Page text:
You know, I think a lot of times, I think Christians, especially when they feel besieged in the culture or they feel like society is more anti-Christian than ever before – we begin to lament and mourn past eras. And that nostalgia can actually lead us to not seeing those eras for what they were, the challenges that were actually there’s, some of the sins and flaws even in the Christians that have gone before us.
So, part of what I’m saying is, “Hey, this is ‘our’ time. Right now the curtain is up, we’re on the platform, the great cloud of witnesses is surrounding us, cheering us on. This is our time on the stage, or in the race,” if you want to switch metaphors. So, part of what I’m saying is that as well. Like, let’s take a look at culture, then let’s also just realize that we have the awesome privilege of calling, of being faithful to Christ in this time. That’s exciting, let’s get on with the mission.
That’s so good. And obviously there’s that communal aspect as well, like, this is “Our,” the church’s time – let’s do this. That’s so good.
And then obviously “Everyday Myths in Light of the Gospel,” so, what is that part about?
Yeah, so I’m looking at certain assumptions that we believe in the world that give shape to our lives. So when I talk about myths I’m not simply talking about faults. I’m using myth in that broader sense of stories/narratives that we adopt that actually give shape and meaning and significance to our lives.
And this happens not just with Christians, I mean, we are myth-making people. This is part of what we do. So when I’m speaking of myths, I’m not simply speaking of things that are untrue, I’m speaking of things that are in the world, stories that we believe and then I’m wanting to show what’s good and right and beautiful about some of the narratives that give shape to how people live in our lives, but then also, what’s wrong with some of these narratives. How do they fall short of the gospel’s story of our world, and then I want to bring the gospel to bare on these assumptions that we often don’t question.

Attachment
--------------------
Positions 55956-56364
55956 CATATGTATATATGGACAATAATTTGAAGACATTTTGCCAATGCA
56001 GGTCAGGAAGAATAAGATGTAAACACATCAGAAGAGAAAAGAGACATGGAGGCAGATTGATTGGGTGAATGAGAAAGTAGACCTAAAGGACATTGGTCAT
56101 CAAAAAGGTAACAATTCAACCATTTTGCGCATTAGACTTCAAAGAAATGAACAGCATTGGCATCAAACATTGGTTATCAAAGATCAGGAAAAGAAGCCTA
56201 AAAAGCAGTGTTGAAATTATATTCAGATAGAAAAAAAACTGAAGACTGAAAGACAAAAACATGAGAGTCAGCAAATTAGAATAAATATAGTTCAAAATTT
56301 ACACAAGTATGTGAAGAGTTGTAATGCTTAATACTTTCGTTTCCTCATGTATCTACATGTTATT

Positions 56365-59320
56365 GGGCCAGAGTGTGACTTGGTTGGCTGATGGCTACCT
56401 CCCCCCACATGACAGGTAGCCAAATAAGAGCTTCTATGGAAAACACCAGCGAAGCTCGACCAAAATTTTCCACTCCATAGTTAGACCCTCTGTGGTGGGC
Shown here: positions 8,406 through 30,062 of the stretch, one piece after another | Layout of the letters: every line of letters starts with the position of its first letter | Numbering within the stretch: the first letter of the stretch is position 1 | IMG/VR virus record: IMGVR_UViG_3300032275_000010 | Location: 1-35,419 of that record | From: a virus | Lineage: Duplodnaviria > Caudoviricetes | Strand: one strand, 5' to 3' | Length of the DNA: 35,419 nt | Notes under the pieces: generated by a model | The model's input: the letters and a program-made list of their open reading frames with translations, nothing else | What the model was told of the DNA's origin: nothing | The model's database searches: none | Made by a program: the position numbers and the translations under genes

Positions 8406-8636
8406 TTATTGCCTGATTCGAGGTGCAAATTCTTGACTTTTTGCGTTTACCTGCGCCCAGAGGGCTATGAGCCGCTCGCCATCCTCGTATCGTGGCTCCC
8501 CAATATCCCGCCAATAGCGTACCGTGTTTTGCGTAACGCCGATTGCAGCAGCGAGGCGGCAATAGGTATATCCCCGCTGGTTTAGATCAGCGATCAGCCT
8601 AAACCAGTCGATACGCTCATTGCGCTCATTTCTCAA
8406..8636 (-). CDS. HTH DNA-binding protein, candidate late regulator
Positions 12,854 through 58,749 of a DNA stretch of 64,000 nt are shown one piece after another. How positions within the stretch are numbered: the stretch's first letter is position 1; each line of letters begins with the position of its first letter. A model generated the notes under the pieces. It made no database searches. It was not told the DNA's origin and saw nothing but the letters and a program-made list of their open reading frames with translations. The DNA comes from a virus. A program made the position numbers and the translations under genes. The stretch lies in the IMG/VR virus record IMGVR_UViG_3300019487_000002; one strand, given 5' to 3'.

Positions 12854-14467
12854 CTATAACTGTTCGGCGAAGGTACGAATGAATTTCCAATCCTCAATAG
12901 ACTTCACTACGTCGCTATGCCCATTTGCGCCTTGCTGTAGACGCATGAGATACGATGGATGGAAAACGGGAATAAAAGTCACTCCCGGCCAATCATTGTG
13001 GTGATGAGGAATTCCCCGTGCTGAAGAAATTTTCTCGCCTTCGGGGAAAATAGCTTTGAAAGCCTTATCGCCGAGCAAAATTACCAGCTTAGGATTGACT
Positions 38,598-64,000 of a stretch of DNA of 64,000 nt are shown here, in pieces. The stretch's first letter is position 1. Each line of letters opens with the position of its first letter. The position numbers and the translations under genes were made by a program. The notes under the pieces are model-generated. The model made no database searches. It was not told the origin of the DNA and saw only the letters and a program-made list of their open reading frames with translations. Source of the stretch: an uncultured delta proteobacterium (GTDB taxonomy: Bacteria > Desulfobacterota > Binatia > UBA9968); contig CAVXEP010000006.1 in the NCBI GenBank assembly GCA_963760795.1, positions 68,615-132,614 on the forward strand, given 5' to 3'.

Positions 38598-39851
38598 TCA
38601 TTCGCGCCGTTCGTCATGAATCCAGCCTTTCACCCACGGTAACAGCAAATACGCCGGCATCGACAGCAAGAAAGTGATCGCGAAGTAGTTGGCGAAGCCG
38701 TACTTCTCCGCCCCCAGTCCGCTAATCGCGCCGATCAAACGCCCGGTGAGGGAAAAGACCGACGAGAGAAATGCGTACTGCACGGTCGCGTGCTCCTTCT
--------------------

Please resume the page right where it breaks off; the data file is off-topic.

Right, exactly. And, you know, obviously you share throughout the book some of those myths. But just to give an example to our listeners, what is an example of a myth that maybe a lot us blindly fall into?
That’s a good question. There are what I would say “big myths” and then “small myths.” So, a big overarching myth that a lot of people in our society would abide by without even really questioning or understanding it, would be something like the myth of progress. It’s the idea that as society goes forward, we advance technologically, we advance scientifically, and we shed this sort of silly, superstitious elements of religion in the past. Like, you go on any university, any secular university in just about any place in the United States or Canada, and that is the dominant myth of these universities. This is the trajectory.
So if you’re religious or you have this sort of religious face for morality or whatever, that’s a throwback. That’s back in the stone ages, it’s kind of behind. So that is a dominant myth that comes out in all sorts of beliefs and practices in college campuses across our continent. That would be one of the “big myths.” But there are smaller myths that get imbedded into our own habits, our own practices, even our own entertainment choices.
You know, consumerism, the way that we consume or that we shop or that we think that, you know, the way that we plot the trajectory of our life, or the way we would tell the story of our life, based on, for a lot of people, it’s based on, “Am I moving forward in my career? Am I moving forward in my income level? Have I taken a step back this year?” You see, this is a way of understanding your life that has that myth at its heart, rather than what the gospel would say, for example, that our progress or our regress is in terms of holiness – growing to become more like Christ, that we’re measuring steps forward and steps back. That’s the story of our lives, not income, career, or whatnot. So, just two examples there. One big myth and one small myth, both of them deeply affect the way we live.
Yeah, that’s so good, and in your introduction I highlighted this sentence because I thought it was kind of scary but in a good way. You ask the question rhetorically, “What if we are living according to the myths in our culture without even questioning them?” And when I read that I was like, “Oh man, yeah that’s true! I do want this progress and I’m sort of counting my identity on that progress.”